Expanding the Supreme Court so that Joe Biden can nominate two (or perhaps four) new leftists has been on the Democrats’ wish list since the 2020 election. But I don’t see how they can accomplish that objective, since it would require nullifying the filibuster, and it is hard to see either Joe Manchin or Kyrsten Sinema going along with that for such a radical purpose.
Perhaps this is why Biden appointed a four-person commission–three law professors and a left-wing activist–to investigate the potential for court packing. That commission has released an initial draft report, which is embedded below. What is striking to me is the credibility the commission gives to leftists’ grounds for thinking the Court should be enlarged. Our democracy is under attack! In leftspeak, that means the Court is one of the few institutions they don’t control.
As we noted in Section I (B), some proponents of Court expansion justify the reform as a response to what they perceive to be a crisis of legitimacy—a concept whose dimensions we delineate in Chapter 1 of this Report. In the wake of bitter judicial confirmation battles, critics charge that Republican lawmakers since 2016 have used underhanded measures to secure a conservative supermajority on the Supreme Court.
Critics further worry that this new supermajority threatens to take the law, and particularly federal constitutional law, in a more radical direction than where it was already moving–perhaps by reversing or continuing to revise longstanding precedents in the areas of reproductive rights, affirmative action, gun rights, religion, administrative law, voting rights, and campaign finance law.
We should be so lucky. I’d love to see a list of those “longstanding precedents” that have been “revised”–not, of course, reversed.
But for the improper confirmation tactics of Republican lawmakers [Ed.: I.e., they had the votes], the argument goes, the Court’s doctrinal trajectory might have been considerably different. The confirmation process, in this view, has cast a shadow on the legitimacy of the Supreme Court and its jurisprudence. The loss in legitimacy could, over time, affect the willingness of the public—and especially those who disagree with the trend of Supreme Court decisions—to treat the Court’s rulings as authoritative.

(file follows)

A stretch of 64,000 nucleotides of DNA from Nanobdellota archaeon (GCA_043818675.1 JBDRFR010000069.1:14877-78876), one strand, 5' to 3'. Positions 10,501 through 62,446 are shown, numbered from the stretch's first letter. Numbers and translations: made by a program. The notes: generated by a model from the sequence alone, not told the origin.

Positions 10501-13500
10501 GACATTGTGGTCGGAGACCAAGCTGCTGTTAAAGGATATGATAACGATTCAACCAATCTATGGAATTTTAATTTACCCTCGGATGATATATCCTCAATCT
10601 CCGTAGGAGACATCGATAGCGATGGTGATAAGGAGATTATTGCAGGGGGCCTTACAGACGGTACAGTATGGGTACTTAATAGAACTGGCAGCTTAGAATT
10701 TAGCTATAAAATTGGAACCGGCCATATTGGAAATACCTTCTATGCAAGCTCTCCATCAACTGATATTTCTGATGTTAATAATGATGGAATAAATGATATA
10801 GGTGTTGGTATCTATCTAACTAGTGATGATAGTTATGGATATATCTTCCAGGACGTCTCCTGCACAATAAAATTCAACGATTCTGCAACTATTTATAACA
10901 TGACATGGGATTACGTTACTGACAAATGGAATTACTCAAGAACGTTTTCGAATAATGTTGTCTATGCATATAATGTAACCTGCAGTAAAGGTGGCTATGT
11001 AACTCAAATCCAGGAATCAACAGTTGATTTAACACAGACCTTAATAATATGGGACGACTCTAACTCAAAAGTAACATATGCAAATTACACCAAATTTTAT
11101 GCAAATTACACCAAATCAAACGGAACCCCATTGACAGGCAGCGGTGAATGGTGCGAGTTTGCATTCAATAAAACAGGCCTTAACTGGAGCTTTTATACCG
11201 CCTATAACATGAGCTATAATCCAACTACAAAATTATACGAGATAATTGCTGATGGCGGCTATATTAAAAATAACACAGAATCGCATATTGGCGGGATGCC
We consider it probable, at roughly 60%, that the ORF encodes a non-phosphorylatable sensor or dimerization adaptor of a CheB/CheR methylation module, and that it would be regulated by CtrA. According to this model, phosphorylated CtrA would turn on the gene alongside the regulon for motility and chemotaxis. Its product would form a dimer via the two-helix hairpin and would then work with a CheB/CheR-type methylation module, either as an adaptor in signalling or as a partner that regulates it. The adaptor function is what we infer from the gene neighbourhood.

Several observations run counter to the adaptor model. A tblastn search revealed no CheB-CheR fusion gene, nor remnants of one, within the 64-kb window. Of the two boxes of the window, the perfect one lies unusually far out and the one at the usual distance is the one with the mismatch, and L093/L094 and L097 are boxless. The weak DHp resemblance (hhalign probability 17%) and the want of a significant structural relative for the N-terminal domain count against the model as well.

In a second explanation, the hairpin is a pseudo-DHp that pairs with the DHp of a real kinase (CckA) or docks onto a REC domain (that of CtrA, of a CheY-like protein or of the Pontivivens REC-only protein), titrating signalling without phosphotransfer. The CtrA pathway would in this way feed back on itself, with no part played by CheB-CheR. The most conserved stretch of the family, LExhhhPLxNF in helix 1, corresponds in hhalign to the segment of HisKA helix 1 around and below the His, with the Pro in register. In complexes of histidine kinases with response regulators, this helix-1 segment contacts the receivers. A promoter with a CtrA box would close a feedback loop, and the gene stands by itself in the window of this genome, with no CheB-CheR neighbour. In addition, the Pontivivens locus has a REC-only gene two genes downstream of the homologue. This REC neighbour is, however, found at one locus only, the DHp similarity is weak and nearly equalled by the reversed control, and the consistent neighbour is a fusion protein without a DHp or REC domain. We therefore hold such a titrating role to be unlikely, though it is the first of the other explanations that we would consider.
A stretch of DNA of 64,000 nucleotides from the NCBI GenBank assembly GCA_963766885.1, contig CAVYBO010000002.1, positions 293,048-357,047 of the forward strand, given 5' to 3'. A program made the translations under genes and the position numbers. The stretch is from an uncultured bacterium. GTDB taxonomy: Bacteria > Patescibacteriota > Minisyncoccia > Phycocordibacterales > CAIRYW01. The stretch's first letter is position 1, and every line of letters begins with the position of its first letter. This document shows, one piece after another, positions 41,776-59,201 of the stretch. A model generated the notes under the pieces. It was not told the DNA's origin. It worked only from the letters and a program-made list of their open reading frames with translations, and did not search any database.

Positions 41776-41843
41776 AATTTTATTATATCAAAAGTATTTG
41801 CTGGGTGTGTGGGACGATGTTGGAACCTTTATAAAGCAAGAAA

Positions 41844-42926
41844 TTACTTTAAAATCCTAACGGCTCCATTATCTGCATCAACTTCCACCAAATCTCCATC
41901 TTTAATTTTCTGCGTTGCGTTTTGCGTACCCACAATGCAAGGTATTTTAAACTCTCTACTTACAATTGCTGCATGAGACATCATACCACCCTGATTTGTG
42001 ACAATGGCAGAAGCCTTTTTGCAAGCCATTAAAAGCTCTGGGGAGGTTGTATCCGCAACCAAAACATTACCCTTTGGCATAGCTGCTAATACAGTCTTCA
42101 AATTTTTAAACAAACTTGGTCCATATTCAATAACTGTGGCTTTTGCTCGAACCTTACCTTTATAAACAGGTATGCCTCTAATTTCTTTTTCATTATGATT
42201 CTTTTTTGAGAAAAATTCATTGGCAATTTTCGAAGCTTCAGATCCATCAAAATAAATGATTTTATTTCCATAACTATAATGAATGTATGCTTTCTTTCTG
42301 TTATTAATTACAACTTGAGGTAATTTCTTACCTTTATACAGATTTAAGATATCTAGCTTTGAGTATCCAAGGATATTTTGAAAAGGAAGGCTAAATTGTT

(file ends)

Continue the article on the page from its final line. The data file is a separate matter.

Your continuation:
In other words, give us the majority or the institution is illegitimate and we won’t follow its decisions.
I am not interested in deconstructing such nonsense, but rather in simply noting that Biden’s hand-picked commission hasn’t been able to come out in favor of court packing. Not yet, at least. This fact has prompted howls of outrage from the Left, as catalogued here. Apparently quite a few Democrats had seriously been counting on using their razor-thin control of Congress to pack the Supreme Court. Happily, it looks as though cooler heads are going to prevail. And it does seem plausible, as leftists are now saying, that Biden appointed this commission to give himself cover if and when he decides not to proceed with packing the Court.